The Ashes: The world according to Ashton Agar

Maybe it is because he's primarily a bowler, or more importantly thinks of himself as a bowler first, that Agar could be as blithe about his century-on-debut-that-almost-was.

Updated: July 17, 2013 15:29 IST
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After Shane Warne. Those three words might be the biggest albatross that Australian spinners from 2007 onwards have had to bear around their necks.

A succession of men have come, been measured against one of the greatest spinners in the game's history, unsurprisingly found wanting, and then continued to struggle. Initially, every new Australian spinner excited no little curiosity. Beau Casson, Bryce McGain and the like were eagerly awaited - and it sometimes seemed, just as eagerly obituarised once they failed.

Until finally, the group of spinners Australia took along with them on tours became sideshows, with an exciting, if highly injury-prone, crop of fast bowlers emerging. Consequently, when the Australians arrived in India before their four-Test series earlier this year, the inclusion of Ashton Agar didn't exactly send scribes and fans hunting for his biography. He was a teenager, a left-arm spinner - and that was about it.

Agar played in both Australia's warm-up matches, against a Board President's XI side and an India A side. Against the BPXI in a two-day match, Wisden India reported that he troubled Ambati Rayudu, who was clearly the most impressive batsman on either side and the highest scorer in the match.

Agar had more wickets but less effect, in the following three-day match against India A. On the field that day, he was less impressive than Xavier Doherty and Nathan Lyon, and in both matches, he batted at No. 11. But something about him seemed to have impressed Michael Clarke and the Australian management enough that his stay was extended, and Clarke even said then that Agar was "going to be a very good bowler".

While the jury may still be out on how good a bowler Agar will be, he's at least guaranteed himself a decent run in the playing XI after his astonishing debut. That this has come about because of batting rather than bowling is a surprise, but for anyone who watched his stroke-play and the poise he showed against a quality attack, his cementing a spot cannot come too soon.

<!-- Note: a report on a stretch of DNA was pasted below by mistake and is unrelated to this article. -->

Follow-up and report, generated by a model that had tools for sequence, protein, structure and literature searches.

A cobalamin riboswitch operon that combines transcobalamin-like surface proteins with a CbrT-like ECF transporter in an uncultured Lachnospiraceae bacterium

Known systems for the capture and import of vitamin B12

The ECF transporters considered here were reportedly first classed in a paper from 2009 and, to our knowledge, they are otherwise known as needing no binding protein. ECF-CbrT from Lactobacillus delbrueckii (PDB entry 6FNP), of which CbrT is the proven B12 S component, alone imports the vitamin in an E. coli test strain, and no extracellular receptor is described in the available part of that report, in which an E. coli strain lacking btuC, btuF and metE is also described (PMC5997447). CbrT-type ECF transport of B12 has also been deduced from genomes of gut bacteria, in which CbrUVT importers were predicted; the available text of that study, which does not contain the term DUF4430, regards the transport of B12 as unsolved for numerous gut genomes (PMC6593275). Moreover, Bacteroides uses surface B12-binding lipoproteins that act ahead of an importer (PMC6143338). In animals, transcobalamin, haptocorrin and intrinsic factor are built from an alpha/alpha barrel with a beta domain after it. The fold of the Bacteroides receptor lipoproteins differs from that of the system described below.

Maybe it is because he's primarily a bowler, or more importantly thinks of himself as a bowler first, that Agar could be as blithe about his century-on-debut-that-almost-was.

In a Test match that saw the epic in James Anderson running in over after over on the fifth morning; the unexpected in Australia's never-say-die-spirit coming to the fore; the absurd in Stuart Broad being Stuart Broad and providing enough material to fill books with a moment's straight-faced look; and even the schadenfreude moment of seeing Graeme Swann's sanctimonious words come back to haunt him - the most memorable image was that of a teenager's smiling face and nonchalant shrug of the shoulders when he walked off, out for 98 on debut.

Most of the rest of the world sighed while the man for whom they were sighing, smiled.

Perhaps one day, Agar will react differently to missing a landmark, but on July 11, his smile was as spontaneous as it was heart-warming. It was a smile that reminded you of the reason you took to the sport in the first place - whether as player, fan or journalist. A smile that spoke of the unmixed joy of playing. Cricket may be big business today, but most people connected with the sport who make a direct living from it - whether cricketer, reporter or administrator - first chose to do what they do because they fell in love with the game.

It's a fact of life that there are times when the most interesting job becomes mundane. Accomplished batsmen obsessed with their craft will have occasionally got bored of hitting a cover drive at practice. A report will sometimes be written in sleepwalking mode by writers who normally revise copies for misplaced commas. Coaches who find a passion not just in work-ethic but also in imparting knowledge will, on the rare day, wind up a drill early.

And then along comes a man who hasn't quite left boyhood yet, and eases the dreariness away with a shrug. You may have started out besotted with the game, but it's moments like these that keep you so.

Agar's response after the knock was that he was "happier to have scored the 98 than sad about missing the 2". That set the seal on the idyllic aspect of his innings. It's been drummed down forever that it's the team that matters first and not the individual, that team goals come before individual records. While that may be an enshrined cricketing commandment, who would actually prefer a duck in a winning cause over a brilliant hundred - cause be damned? And yet, that's exactly how Agar reacted and how he expressed himself.

You didn't expect him to, but given the manner in which he handled his dismissal and the questions about his disappointment, it might not even have been surprising if Agar had gone into a philosophical-evolutional tangent and expounded on the fact that a century was an artificial construct, made special by an accident of evolution because human beings had ten fingers and toes. If we'd had eight of each and used that as our base, his score would have been 142. And if we used the binary system, it would have run to seven digits. So it didn't really mean anything that he was on 98.

But with Agar, the most valid math term right now is neither binary nor decimal, it is simply exponential. That's how he has grown from the development player asked to stay back in India to the man who could potentially be the one to last long after Shane Warne.

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